April 2013: Kidney International
Mayuka Nakayama, Yasukiyo Mori, Noriyoshi Ota, Mami Ishida, Yayoi Shiotsu, Eiko Matsuoka, Hiroshi Kado, Ryo Ishida, Mayumi Nakata, Takashi Kitani, Keiichi Tamagaki, Chieko Sekita, Atsuo Taniguchi
We report the case of a Japanese family suffering from familial juvenile hyperuricemic nephropathy (FJHN) due to a rare missense mutation of the uromodulin (UMOD) gene. An 18-year-old male presented with gout, hyperuricemia, and stage 3 chronic kidney disease. Mostly, FJHN is caused by a mutation altering the cystine residue of UMOD/Tamm-Horsfall protein. However, in the present case, a T688C mutation was identified in exon 4, resulting in amino acid substitution with arginine replacing tryptophan at position 230 (Trp230Arg)...
January 2012: Case Reports in Nephrology and Urology
Xin Wei, Ricong Xu, Zhenhua Yang, Zhijian Li, Yunhua Liao, Richard J Johnson, Xueqing Yu, Wei Chen
BACKGROUND: Familial juvenile hyperuricemic nephropathy (FJHN) is an autosomal dominant disorder characterized by early onset of hyperuricemia, decreased fractional renal urate excretion and progressive interstitial nephropathy. Mutations in the uromodulin (UMOD) gene encoding uromodulin/Tamm-Horsfall, a glycosylphosphatidylinositol (GPI)-anchored protein, cause this disease. METHODS: One Chinese family with 13 FJHN-affected individuals is described. Clinical data, blood and urine samples of 7 affected members (all alive patients in this family) and 15 unaffected members were collected...
2012: American Journal of Nephrology
Aurélie Hummel
Familial juvenile hyperuricemic nephropathy is a rare autosomal dominant disease. It is characterized by abnormal handling of urate responsible for hyperuricaemia often complicated of gouty arthritis. Renal failure is due to tubulointerstitial nephritis. Ultrasonography sometimes finds renal cysts of variable size and number. Renal histology, although not specific, shows interstitial fibrosis, atrophic tubules, sometimes enlarged and with irregular membrane thickening. Renal failure progresses to end stage between 30 and 60 years of age...
April 2012: Néphrologie & Thérapeutique
Terence Gibson
PURPOSE OF REVIEW: (a) To examine the latest information about renal tubular handling of uric acid, its genetic background and contribution to the causation of hyperuricemia. (b) To review the association of hyperuricemia, gout and chronic kidney damage and whether hyperuricemia is cause or effect of renal dysfunction. RECENT FINDINGS: The gene SLC2A9 encodes for GLUT9, an important proximal tubule transporter of uric acid. Polymorphisms of the gene have been linked to gout susceptibility and to hereditary hypouricemia...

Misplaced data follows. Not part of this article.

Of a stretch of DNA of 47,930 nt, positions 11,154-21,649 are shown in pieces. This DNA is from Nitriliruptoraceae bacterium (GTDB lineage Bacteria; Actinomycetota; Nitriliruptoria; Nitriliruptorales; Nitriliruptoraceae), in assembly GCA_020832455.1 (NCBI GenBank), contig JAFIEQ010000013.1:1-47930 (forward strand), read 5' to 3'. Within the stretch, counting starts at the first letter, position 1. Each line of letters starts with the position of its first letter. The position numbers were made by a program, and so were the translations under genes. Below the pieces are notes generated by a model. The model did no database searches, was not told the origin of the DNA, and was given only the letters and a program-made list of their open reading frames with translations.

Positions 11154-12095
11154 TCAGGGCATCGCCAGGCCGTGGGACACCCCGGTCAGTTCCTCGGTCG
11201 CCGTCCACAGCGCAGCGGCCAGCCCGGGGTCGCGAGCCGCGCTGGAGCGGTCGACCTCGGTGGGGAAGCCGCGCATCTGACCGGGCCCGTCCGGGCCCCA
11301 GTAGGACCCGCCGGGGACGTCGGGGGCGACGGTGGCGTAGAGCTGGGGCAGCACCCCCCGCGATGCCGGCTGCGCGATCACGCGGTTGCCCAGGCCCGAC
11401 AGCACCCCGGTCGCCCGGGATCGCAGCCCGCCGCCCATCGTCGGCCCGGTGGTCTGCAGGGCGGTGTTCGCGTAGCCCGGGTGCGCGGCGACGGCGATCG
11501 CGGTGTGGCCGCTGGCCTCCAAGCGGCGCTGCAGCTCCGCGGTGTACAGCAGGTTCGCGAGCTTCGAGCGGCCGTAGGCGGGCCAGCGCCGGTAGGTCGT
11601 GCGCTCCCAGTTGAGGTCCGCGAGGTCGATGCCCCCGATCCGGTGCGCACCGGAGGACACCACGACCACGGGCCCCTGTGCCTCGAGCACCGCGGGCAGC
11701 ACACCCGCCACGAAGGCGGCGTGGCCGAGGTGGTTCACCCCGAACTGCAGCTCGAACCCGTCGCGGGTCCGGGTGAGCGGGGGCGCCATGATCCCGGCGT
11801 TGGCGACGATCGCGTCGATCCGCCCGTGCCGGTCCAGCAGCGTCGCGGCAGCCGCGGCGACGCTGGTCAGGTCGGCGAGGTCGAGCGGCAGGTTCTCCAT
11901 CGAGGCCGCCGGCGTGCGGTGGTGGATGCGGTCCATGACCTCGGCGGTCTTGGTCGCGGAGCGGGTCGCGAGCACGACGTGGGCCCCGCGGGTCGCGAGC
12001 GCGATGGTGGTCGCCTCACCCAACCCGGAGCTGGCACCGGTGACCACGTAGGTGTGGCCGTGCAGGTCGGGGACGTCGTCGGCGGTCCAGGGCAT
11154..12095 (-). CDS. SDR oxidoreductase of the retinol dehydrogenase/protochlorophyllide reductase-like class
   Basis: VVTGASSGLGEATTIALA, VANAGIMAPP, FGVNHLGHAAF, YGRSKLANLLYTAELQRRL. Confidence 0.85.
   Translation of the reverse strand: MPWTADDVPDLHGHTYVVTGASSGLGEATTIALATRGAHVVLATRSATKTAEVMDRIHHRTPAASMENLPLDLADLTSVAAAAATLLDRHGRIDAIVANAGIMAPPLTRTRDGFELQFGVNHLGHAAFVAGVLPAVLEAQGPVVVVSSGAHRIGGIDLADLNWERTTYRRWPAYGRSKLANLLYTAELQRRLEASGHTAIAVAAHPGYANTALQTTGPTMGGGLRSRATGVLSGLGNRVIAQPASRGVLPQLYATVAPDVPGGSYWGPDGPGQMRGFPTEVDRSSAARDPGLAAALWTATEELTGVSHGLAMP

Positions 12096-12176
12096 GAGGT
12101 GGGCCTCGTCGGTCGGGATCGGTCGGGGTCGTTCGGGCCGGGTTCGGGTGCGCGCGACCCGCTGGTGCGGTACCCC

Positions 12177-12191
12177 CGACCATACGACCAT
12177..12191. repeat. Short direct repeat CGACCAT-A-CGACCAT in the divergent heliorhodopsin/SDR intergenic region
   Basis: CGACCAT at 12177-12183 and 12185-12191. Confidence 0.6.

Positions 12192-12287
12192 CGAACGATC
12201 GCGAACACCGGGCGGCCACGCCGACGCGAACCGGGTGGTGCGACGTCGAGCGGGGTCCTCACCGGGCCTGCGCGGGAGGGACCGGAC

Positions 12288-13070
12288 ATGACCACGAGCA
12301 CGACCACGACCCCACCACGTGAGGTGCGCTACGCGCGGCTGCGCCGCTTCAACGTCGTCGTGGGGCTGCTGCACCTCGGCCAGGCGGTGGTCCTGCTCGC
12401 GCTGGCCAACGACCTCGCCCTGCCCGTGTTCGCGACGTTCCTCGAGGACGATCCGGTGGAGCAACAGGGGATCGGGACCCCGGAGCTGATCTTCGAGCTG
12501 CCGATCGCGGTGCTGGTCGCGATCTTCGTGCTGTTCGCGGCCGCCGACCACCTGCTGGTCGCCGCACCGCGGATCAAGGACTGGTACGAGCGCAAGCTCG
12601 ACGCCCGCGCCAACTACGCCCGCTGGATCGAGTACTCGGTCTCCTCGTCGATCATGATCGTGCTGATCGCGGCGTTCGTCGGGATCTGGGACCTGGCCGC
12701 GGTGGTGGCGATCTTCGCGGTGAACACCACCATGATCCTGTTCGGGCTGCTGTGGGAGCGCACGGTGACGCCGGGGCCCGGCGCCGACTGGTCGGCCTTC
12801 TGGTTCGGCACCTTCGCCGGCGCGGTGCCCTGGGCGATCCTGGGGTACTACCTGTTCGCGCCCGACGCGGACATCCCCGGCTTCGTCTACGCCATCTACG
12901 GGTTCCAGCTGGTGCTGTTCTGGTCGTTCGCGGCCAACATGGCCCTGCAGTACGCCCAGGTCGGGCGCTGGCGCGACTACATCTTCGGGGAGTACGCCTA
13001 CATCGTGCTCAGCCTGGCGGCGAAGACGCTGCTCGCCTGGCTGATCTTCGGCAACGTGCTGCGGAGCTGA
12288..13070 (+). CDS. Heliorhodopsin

March 2012: Current Opinion in Rheumatology
Marta M C Medeiros, Geraldo B Silva, Elizabeth F Daher
A 20-year-old female was admitted with tophus gout and chronic kidney disease (CKD), progressing to dialysis need and death. The familial investigation evidenced several cases of hyperuricemia, gout and CKD, as well as several cases of early death due to CKD. After analyzing these cases, it was concluded that the diagnosis was familial juvenile hyperuricemic nephropathy. This is an autosomal dominant disorder caused by mutations in the uromodulin gene, characterized by early beginning hyperuricemia and gout, in men and women, associated with progressive CKD...
November 2012: Rheumatology International
Guillaume Bollée, Karin Dahan, Martin Flamant, Vincent Morinière, Audrey Pawtowski, Laurence Heidet, Didier Lacombe, Olivier Devuyst, Yves Pirson, Corinne Antignac, Bertrand Knebelmann
BACKGROUND: UMOD mutations cause familial juvenile hyperuricemic nephropathy (FJHN) and medullary cystic kidney disease (MCKD), although these phenotypes are nonspecific. DESIGN, SETTING, PARTICIPANTS, & MEASUREMENTS: We reviewed cases of UMOD mutations diagnosed in the genetic laboratories of Necker Hospital (Paris, France) and of Université Catholique de Louvain (Brussels, Belgium). We also analyzed patients with MCKD/FJHN but no UMOD mutation. To determine thresholds for hyperuricemia and uric-acid excretion fraction (UAEF) according to GFR, these parameters were analyzed in 1097 patients with various renal diseases and renal function levels...
October 2011: Clinical Journal of the American Society of Nephrology: CJASN
Aparna Renigunta, Vijay Renigunta, Turgay Saritas, Niels Decher, Kerim Mutig, Siegfried Waldegger
Tamm-Horsfall glycoprotein (THGP) or Uromodulin is a membrane protein exclusively expressed along the thick ascending limb (TAL) and early distal convoluted tubule (DCT) of the nephron. Mutations in the THGP encoding gene result in Familial Juvenile Hyperuricemic Nephropathy (FJHN), Medullary Cystic Kidney Disease type 2 (MCKD-2), and Glomerulocystic Kidney Disease (GCKD). The physicochemical and biological properties of THGP have been studied extensively, but its physiological function in the TAL remains obscure...
January 21, 2011: Journal of Biological Chemistry